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Augustin Lodewyckx (1876–1964)

by John Stanley Martin

This article was published:

Augustin Lodewyckx (1876-1964), scholar, was born on 8 December 1876 at Booischot, Belgium, son of Joannes Lodewijckx, farmer, and his wife Maria Dymphna, née Maes. After completing his secondary education at Antwerp he studied Germanic languages, French and philology in 1897-1902 at the University of Ghent where he became deeply involved in the Flemish movement; in 1902 his doctoral thesis on the Austrian playwright Grillparzer was awarded the coveted gold medal by King Leopold II. Lodewyckx then pursued postgraduate studies at the University of Leyden, including work on the great Dutch dictionary, Woordenboek der Nederlandsche Taal.

In 1905-10 Lodewyckx was professor of French and German at Victoria College, Stellenbosch, South Africa. On 24 January 1910 at Simonstown he married Anna Sophia Hansen. Next year he was appointed to the Belgian colonial service in the Congolese province of Katanga, where he organized the settlement of Belgian colonists and established a system of education for children of European settlers. Concern about the adverse effect of the climate on his family prompted him to seek employment in the United States of America, sailing via Australia, in 1914. Stranded in Melbourne on the outbreak of World War I, he was advised by the Belgian consul to remain. His knowledge of European languages was utilized by the wartime censorship office and, after a year as modern language master at Melbourne Church of England Grammar School in 1915, he was appointed lecturer in German at the University of Melbourne when his predecessor, a German national, was dismissed because of wartime prejudice.

Building up his department with diligence and zeal, Lodewyckx was appointed associate professor in 1922. He soon gathered an enthusiastic German reading circle (der Deutsche Leseverein), a group which fulfilled a need among the German-speaking community and Australians who had learned German. But his aim was to expand his department to cover the whole Germanic field. In 1918 he was appointed instructor in Dutch in the university's continuing education programme. Eventually, urged by his own students of German and by newly arrived refugees from the Netherlands East Indies, he introduced Dutch as a university subject in 1942, writing and producing his own material because textbooks were not available. In 1944 he published a Dutch grammar and in 1946 a literary history for his students.

Iceland's language and civilization became one of Lodewyckx's interests. Having mastered modern and ancient Icelandic, he visited the country in 1931 and again in 1937-38. In 1944 he introduced Old Icelandic as a university subject and continued to teach it at home after his retirement in 1947. In 1958 with his wife he founded the Anna Lodewyckx scholarship to enable Australian students to study in Iceland. He also donated the initial finance in 1960 for the teaching of Swedish at the university.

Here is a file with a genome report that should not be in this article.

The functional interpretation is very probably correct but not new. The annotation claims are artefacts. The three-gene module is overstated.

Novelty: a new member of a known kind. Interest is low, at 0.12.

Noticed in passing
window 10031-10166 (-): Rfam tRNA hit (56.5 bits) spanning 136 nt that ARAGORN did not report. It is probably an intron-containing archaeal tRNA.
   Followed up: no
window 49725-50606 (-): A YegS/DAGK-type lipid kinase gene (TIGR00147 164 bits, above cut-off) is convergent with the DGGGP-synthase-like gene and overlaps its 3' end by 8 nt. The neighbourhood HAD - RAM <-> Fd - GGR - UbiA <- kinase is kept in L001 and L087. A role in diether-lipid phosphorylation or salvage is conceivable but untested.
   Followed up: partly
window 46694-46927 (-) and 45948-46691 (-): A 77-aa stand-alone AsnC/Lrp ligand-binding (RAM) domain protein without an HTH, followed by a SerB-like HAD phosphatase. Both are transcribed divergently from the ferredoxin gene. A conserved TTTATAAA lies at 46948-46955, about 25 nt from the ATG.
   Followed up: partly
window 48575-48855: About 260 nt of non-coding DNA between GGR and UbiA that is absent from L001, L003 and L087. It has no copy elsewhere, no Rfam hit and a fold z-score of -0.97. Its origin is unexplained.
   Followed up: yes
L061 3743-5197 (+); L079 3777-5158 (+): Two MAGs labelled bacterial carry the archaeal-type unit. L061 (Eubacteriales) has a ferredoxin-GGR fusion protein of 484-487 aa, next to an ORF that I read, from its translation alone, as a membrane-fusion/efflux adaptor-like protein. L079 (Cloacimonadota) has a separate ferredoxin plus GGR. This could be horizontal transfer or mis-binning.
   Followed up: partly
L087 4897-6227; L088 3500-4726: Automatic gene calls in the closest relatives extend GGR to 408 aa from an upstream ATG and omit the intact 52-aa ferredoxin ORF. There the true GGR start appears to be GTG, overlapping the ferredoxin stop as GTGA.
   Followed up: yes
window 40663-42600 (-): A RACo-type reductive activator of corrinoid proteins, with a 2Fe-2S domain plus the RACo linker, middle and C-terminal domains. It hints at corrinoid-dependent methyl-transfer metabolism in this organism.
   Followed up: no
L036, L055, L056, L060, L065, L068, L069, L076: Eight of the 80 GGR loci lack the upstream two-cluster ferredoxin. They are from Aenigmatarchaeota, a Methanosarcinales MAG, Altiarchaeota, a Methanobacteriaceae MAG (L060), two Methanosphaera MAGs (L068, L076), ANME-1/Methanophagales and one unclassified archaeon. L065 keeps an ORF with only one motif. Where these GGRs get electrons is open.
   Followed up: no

The time Lodewyckx spent at the University of Melbourne marked a turning point in the approach to modern languages, which hitherto had been taught as dead classical languages. As teacher and scholar he represented the European tradition of strict intellectual exactitude and with his distinguished colleague A. R. Chisholm he raised the intellectual and cultural standards of his discipline. Chisholm wrote that Lodewyckx was 'a born explorer, who wandered far afield in both the literal and metaphorical sense'; in so doing he inspired generations of students.

Lodewyckx's interests were broad and deep. They focused on philology and the history of Germanic languages within the Indo-European group and on demography and patterns of culture. His first book (1911) was a detailed study of geographical conditions in central and southern Africa. His book on Germans in Australia (1932) was the first standard work in the field and set the pattern for later research. Shortly before his eightieth birthday he published People for Australia: A Study in Population Problems (1956), a book highly commended by A. A. Calwell, architect of Australia's post-war immigration programme. Altogether he published fourteen books and innumerable articles in five languages. He was decorated by the governments of Iceland (1937), The Netherlands (1952), Sweden (1963) and Belgium (1964) and in 1955 received a gold medal from the Goethe Institute in Germany.

Lodewyckx died at his Mont Albert home on 4 September 1964. He was survived by his wife, son Karel Axel, librarian of the University of Melbourne, and daughter Hilma Dymphna, translator, editor and wife of Manning Clark, historian.

Select Bibliography

  • A. R. Chisholm, Men Were My Milestones (Melb, 1958)
  • A. R. Chisholm, The Familiar Presence, and Other Reminiscences (Melb, 1966)
  • K. A. Lodewycks, The Funding of Wisdom (Melb, 1982)
  • University of Melbourne Gazette, Dec 1951, p 96, Nov 1964, p 5
  • AUMLA, 5 (1956), p 4
  • Skirnir, 141 (1967), p 60
  • Vlaanderen in de wereld, 2 (1974), p 425
  • Viw-Nieuws, 25 (May-July 1977), p 4.

Related Entries in NCB Sites

Citation details

John Stanley Martin, 'Lodewyckx, Augustin (1876–1964)', Australian Dictionary of Biography, National Centre of Biography, Australian National University,, published first in hardcopy 1986, accessed online 29 May 2024.

This article was published in hardcopy in Australian Dictionary of Biography, Volume 10, (Melbourne University Press), 1986

View the front pages for Volume 10

© Copyright Australian Dictionary of Biography, 2006-2024

Life Summary [details]


8 December, 1876
Booischot, Belgium


4 September, 1964 (aged 87)
Mont Albert, Melbourne, Victoria, Australia

Cultural Heritage

Includes subject's nationality; their parents' nationality; the countries in which they spent a significant part of their childhood, and their self-identity.